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The Army Is Fielding Hundreds Of More Recruiters After Failing To Bring In New Soldiers
WASHINGTON — The Army is adding hundreds of new recruiters after failing to get as many new soldiers to enlist in fiscal 2018 as it had hoped, top service officials said on Monday.
“We’re expanding the number of recruiters we’ll put out in the streets; we’re cleaning up the storefronts; we are moving into 20-plus cities around the United States,” Army Secretary Mark Esper told reporters during the Association of the United States Army’s annual conference. “I think we can and we will do a lot better, but it’s going to take some time to re-position ourselves.”
Training and Doctrine Command is conducting a review of the Army’s recruiting strategy that will look at which regions of the country should have the extra recruiters, Esper said. The service’s new recruiting strategy will also include a greater presence on social media.
“Americans need to know their Army, but it’s on us to get out to meet them,” he added.
Service leaders did not say exactly how many recruiters are being added. Army Chief of Staff Gen. Mark Milley estimated the number at a “couple hundred,” but the final figure is still being determined. He also tried to downplay the Army’s recent recruiting woes.
Initially, the Army planned to recruit 80,000 new soldiers in fiscal 2018. It later lowered that goal to 76,500, but it ended the fiscal year with about 70,000 new recruits.
“It’s certainly a warning light out there but it is not by any means catastrophic to us,” Milley said on Monday. “We are a very large organization. On balance, we’ve had a very, very good couple of recruiting years. This past year, we missed the mark.”
The Army needs to get bigger so it can increase the number of soldiers who can go to war as well as critical billets, such as drill sergeants, Milley said. However, with unemployment at a record low, the Army faces more competition from the private sector to recruit the best talent.
But Milley said he and Esper are committed “to not sacrifice quality for quantity.” Toward that end, Esper announced in July that his office would have to approve all waivers for drug and alcohol tests amid an increase in such waivers from 21 in fiscal 2015 to 605 as of August.
“We very easily could have met the numbers if we were just after the numbers,” Milley said. “But we want to make sure that we have the highest quality recruits that we can have to man our Army.”
A group of vets are raising money to pay for a medal the Iraqi government awarded them, but never delivered
In June 2011 Iraq's defense minister announced that U.S. troops who had deployed to the country would receive the Iraq Commitment Medal in recognition of their service. Eight years later, millions of qualified veterans have yet to receive it.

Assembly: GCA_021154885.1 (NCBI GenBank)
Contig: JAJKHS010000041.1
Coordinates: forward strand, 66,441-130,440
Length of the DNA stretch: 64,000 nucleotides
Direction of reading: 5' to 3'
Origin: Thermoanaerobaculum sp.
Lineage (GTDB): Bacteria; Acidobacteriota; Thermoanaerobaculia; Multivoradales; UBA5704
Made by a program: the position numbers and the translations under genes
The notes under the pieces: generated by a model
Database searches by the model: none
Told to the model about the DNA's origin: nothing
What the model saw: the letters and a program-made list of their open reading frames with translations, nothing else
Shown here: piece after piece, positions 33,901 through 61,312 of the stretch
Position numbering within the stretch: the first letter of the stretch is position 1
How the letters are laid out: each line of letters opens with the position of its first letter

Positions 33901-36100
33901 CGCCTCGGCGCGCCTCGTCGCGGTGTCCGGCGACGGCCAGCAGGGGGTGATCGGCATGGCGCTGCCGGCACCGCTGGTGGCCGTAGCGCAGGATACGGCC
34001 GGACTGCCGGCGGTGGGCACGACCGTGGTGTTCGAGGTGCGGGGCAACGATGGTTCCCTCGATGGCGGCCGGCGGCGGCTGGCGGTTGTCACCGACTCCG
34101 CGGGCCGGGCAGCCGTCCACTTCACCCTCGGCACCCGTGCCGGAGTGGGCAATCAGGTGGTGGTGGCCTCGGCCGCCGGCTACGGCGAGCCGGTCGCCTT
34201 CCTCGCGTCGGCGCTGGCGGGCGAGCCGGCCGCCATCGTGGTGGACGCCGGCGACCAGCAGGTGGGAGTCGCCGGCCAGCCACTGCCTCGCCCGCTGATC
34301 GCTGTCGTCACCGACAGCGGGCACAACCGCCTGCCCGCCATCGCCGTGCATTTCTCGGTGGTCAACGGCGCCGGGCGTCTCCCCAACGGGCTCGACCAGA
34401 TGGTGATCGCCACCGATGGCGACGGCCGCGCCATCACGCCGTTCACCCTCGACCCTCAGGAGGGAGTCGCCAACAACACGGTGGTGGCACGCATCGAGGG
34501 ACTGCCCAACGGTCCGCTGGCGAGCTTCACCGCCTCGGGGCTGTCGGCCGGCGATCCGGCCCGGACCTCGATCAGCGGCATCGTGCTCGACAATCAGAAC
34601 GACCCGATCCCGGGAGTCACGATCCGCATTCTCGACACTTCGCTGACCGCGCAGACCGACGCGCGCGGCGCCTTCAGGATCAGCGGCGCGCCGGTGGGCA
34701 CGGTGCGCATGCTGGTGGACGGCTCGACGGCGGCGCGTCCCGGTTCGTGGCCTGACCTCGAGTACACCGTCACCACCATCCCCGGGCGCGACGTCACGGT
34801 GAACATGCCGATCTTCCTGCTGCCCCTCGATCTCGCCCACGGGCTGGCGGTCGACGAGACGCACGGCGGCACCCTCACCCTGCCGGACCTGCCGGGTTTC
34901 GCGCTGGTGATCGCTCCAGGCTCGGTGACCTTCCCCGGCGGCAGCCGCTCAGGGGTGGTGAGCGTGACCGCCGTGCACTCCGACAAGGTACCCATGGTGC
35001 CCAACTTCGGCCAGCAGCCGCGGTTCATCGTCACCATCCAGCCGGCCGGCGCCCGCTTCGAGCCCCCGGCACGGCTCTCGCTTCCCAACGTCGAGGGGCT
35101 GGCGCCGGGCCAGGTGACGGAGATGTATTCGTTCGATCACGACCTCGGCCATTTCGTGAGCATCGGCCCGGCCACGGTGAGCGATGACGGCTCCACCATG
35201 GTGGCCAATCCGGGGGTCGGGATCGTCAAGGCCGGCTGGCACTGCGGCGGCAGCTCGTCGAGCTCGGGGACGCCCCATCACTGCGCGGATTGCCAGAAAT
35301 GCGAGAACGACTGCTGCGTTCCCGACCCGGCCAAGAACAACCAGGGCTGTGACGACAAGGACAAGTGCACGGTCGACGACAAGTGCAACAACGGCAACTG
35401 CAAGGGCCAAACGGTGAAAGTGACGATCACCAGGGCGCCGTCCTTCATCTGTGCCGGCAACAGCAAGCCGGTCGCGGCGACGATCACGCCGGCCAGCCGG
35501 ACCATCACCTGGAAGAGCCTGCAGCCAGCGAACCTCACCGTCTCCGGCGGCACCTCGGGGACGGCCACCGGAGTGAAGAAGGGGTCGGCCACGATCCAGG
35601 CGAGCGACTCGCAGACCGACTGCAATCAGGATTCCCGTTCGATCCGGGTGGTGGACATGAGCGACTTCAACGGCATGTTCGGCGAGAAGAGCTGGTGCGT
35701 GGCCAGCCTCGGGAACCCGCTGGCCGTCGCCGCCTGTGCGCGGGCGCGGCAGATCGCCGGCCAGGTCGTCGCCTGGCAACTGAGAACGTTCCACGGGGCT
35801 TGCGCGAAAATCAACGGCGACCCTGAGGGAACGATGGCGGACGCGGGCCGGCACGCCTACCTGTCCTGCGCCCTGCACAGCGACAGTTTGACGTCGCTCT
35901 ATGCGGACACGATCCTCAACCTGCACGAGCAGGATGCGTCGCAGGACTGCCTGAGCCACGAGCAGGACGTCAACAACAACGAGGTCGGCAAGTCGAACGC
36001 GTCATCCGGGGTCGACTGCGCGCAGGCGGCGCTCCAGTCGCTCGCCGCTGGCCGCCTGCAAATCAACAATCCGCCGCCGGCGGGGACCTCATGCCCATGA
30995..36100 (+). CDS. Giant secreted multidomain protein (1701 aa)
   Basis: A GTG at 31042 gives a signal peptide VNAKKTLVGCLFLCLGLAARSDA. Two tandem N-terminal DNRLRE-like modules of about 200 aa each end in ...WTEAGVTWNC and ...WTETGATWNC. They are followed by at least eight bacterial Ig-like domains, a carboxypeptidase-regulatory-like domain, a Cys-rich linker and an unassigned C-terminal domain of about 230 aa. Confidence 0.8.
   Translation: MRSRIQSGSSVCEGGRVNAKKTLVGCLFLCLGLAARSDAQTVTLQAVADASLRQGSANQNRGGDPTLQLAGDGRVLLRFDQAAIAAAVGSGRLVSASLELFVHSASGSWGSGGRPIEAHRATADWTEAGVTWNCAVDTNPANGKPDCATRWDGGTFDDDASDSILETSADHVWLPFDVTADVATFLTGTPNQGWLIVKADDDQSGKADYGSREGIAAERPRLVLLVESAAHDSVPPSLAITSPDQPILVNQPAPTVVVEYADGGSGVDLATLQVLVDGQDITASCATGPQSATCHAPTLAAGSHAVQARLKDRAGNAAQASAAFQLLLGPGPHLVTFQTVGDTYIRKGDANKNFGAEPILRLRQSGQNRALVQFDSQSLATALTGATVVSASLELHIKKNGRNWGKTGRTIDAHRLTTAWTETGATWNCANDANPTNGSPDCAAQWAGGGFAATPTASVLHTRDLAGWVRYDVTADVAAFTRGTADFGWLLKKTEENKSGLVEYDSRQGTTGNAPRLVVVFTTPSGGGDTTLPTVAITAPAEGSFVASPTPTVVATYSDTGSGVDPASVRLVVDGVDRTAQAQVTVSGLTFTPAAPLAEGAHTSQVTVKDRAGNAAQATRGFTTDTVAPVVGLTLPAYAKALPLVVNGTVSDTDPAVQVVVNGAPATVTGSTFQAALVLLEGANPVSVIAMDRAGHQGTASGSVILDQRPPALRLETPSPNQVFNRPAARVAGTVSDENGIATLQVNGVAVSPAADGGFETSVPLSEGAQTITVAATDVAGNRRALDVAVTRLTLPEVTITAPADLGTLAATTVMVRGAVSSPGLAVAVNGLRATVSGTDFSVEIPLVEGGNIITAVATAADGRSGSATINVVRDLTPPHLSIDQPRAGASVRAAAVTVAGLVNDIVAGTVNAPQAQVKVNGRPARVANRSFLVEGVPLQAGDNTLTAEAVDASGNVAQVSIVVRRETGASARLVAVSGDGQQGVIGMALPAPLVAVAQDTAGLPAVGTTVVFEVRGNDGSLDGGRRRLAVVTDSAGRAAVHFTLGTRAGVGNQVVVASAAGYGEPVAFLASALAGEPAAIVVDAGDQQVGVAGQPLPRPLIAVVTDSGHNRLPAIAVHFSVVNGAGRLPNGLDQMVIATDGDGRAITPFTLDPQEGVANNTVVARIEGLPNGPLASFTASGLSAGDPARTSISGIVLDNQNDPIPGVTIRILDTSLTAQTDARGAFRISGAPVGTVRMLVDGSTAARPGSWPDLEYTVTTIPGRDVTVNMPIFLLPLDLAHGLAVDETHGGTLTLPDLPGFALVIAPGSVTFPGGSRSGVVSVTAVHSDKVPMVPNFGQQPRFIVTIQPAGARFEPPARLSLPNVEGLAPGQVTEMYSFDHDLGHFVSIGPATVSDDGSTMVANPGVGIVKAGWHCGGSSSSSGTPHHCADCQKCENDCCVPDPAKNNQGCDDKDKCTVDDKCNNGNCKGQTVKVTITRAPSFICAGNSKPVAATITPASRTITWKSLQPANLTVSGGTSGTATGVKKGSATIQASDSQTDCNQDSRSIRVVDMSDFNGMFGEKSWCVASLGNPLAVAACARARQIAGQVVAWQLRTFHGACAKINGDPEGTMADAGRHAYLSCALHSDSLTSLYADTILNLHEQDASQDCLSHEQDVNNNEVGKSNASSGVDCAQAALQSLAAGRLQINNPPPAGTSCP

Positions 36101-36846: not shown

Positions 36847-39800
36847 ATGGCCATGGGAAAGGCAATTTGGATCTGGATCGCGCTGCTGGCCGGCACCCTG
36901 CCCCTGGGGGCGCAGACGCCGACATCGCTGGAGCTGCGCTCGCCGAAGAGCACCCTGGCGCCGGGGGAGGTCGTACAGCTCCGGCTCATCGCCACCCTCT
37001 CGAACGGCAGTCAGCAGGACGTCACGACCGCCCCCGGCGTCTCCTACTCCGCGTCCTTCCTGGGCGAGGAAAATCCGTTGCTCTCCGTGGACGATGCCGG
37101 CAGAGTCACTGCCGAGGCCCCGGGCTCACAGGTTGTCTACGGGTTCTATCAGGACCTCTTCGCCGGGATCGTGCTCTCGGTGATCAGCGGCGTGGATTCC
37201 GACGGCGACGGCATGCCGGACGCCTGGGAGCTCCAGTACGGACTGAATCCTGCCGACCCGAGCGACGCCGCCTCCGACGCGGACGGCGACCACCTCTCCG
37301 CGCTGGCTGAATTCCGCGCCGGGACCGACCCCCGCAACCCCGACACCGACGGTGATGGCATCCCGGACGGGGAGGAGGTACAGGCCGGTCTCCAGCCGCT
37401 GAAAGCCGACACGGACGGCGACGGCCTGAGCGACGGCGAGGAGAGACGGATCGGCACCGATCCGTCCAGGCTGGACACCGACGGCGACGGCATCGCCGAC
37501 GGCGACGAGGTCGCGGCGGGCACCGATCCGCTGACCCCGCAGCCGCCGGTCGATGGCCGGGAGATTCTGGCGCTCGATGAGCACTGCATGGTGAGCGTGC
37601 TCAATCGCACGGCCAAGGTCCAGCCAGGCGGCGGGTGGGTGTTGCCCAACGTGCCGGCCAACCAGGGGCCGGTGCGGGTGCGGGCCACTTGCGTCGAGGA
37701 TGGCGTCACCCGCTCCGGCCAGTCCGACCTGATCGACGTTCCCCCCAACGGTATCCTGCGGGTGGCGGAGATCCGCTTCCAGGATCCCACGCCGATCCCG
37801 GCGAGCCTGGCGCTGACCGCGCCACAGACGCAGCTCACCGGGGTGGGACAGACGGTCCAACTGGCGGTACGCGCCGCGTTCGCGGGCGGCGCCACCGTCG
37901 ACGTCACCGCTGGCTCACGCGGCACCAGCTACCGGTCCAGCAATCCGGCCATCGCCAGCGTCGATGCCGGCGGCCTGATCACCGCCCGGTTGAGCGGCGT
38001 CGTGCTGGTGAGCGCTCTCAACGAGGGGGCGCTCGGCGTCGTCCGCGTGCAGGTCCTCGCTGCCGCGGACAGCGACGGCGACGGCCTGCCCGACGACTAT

The reason: The Iraqi government has so far failed to provide the medals to the Department of Defense for approval and distribution.
A small group of veterans hopes to change that.
For a cool $8.5 million, you could be the proud owner of a "fully functioning" F-16 A/B Fighting Falcon fighter jet that a South Florida company acquired from Jordan.
The combat aircraft, which can hit a top speed of 1,357 mph at 40,000 feet, isn't showroom new — it was built in 1980. But it still has a max range of 2,400 miles and an initial climb rate of 62,000 feet per minute and remains militarized, according to The Drive, an automotive website that also covers defense topics, WBDO News 96.5 reported Wednesday.
A doctor who treated accident victims has a radioactive isotope in his body. Russia says it came from his diet
MOSCOW (Reuters) - Russian authorities said on Friday that a doctor who treated those injured in a mysterious accident this month had the radioactive isotope Caesium-137 in his body, but said it was probably put there by his diet.
The deadly accident at a military site in northern Russia took place on Aug. 8 and caused a brief spurt of radiation. Russian President Vladimir Putin later said it occurred during testing of what he called promising new weapons systems.
Groundwater at the Air Force Academy is contaminated with the same toxic chemicals polluting a southern El Paso County aquifer, expanding a problem that has cost tens of millions of dollars to address in the Pikes Peak region.
Plans are underway to begin testing drinking water wells south of the academy in the Woodmen Valley area after unsafe levels of the chemicals were found at four locations on base, the academy said Thursday.